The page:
Dining etiquette in Korea can be traced back to the Confucian philosophies of the Joseon period. Guidebooks, such as Sasojeol (士小節, Elementary Etiquette for Scholar Families), written in 1775 by Yi Deokmu (李德懋), comment on the dining etiquette for the period. Suggestions include items such as "when you see a fat cow, goat, pig, or chicken, do not immediately speak of slaughtering, cooking or eating it", "when you are having a meal with others, do not speak of smelly or dirty things, such as boils or diarrhea," "when eating a meal, neither eat so slowly as to appear to be eating against your will nor so fast as if to be taking someone else's food. Do not throw chopsticks on the table. Spoons should not touch plates, making a clashing sound" amongst many other recommendations which emphasized proper table etiquette.
The eldest male at the table was always served first, commonly served to them in the men's quarters by the women of the house. Women usually dined in a separate portion of the house after the men were served. The eldest men or women always ate before the younger family members. The meal was usually quiet, as conversation was discouraged during meals. In modern times, these rules have become lax, as families usually dine together now and use the time to converse. Of the remaining elements of this decorum, one is that the younger members of the table should not pick up their chopsticks or start eating before the elders of the table.
In Korea, unlike in China and Japan, the rice bowl is not lifted from the table when eating from it. This is due to the fact that each diner is given a metal spoon along with the chopsticks known collectively as sujeo. The use of the spoon for eating rice and soups is expected. There are rules which reflect the decorum of sharing communal side dishes; rules include not picking through the dishes for certain items while leaving others, and the spoon used should be clean, because usually diners put their spoons in the same serving bowl on the table. Diners should also cover their mouths when using a toothpick after the meal.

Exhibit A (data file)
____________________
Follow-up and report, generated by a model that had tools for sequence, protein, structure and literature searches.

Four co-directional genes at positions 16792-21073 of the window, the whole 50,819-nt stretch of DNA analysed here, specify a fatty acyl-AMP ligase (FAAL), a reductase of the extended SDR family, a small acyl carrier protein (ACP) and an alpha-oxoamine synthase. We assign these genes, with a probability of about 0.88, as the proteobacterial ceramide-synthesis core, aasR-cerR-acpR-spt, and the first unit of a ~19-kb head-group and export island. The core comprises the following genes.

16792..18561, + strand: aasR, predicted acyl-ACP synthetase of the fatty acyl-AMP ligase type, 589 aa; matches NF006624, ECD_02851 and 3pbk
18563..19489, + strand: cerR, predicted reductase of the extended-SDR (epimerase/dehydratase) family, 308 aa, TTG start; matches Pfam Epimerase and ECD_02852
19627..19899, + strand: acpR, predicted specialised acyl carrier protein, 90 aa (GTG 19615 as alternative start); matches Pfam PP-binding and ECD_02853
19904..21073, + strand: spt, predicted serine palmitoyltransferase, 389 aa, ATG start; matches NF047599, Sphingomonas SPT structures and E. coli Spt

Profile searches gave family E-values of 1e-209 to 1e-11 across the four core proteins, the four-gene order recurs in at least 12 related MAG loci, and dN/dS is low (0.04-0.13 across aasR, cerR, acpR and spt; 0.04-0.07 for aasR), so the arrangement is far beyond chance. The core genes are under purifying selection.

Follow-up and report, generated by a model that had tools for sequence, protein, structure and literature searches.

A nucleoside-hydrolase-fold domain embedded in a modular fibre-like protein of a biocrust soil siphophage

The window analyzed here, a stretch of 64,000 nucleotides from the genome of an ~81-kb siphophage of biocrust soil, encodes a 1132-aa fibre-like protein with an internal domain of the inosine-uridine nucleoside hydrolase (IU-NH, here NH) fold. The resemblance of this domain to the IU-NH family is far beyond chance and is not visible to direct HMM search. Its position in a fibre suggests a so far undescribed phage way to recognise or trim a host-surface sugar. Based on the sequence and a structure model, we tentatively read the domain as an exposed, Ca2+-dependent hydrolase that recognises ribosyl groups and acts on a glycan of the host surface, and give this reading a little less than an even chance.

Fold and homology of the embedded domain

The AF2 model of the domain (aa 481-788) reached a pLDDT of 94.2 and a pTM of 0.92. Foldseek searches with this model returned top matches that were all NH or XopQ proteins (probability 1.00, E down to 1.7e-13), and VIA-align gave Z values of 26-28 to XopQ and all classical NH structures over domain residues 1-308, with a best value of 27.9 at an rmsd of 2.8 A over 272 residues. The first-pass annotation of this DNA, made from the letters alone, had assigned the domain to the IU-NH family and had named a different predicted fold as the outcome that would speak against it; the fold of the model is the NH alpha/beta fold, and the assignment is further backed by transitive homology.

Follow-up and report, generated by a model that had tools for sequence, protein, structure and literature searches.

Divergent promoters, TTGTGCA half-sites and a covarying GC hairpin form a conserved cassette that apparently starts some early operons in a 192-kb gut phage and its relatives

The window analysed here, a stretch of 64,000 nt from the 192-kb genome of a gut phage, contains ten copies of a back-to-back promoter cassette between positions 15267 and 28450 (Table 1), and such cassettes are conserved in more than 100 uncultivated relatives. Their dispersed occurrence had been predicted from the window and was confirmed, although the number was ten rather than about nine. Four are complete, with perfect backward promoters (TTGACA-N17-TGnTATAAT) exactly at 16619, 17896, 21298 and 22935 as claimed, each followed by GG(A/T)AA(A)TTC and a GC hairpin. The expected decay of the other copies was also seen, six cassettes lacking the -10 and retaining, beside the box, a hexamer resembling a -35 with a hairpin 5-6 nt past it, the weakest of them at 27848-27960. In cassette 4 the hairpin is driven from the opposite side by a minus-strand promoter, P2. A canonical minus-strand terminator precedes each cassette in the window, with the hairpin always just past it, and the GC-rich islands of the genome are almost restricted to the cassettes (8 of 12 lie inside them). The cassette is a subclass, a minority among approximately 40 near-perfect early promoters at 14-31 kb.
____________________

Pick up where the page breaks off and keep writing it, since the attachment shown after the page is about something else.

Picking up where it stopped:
The table setup is important as well, and individual place settings, moving from the diner's left should be as follows: rice bowl, spoon, then chopsticks. Hot foods are set to the right side of the table, with the cold foods to the left. Soup must remain on the right side of the diner along with stews. Vegetables remain on the left along with the rice, and kimchi is set to the back while sauces remain in the front.
The manner of drinking alcoholic drinks at dining is particularly important in Korean dining etiquette. Each diner is expected to face away from the eldest male and cover his mouth when drinking alcohol. In the most formal situations, when the eldest male offers a drink, the diner should politely refuse it three times. After three refusals, when the eldest male offers one more time, then finally the diner can receive it.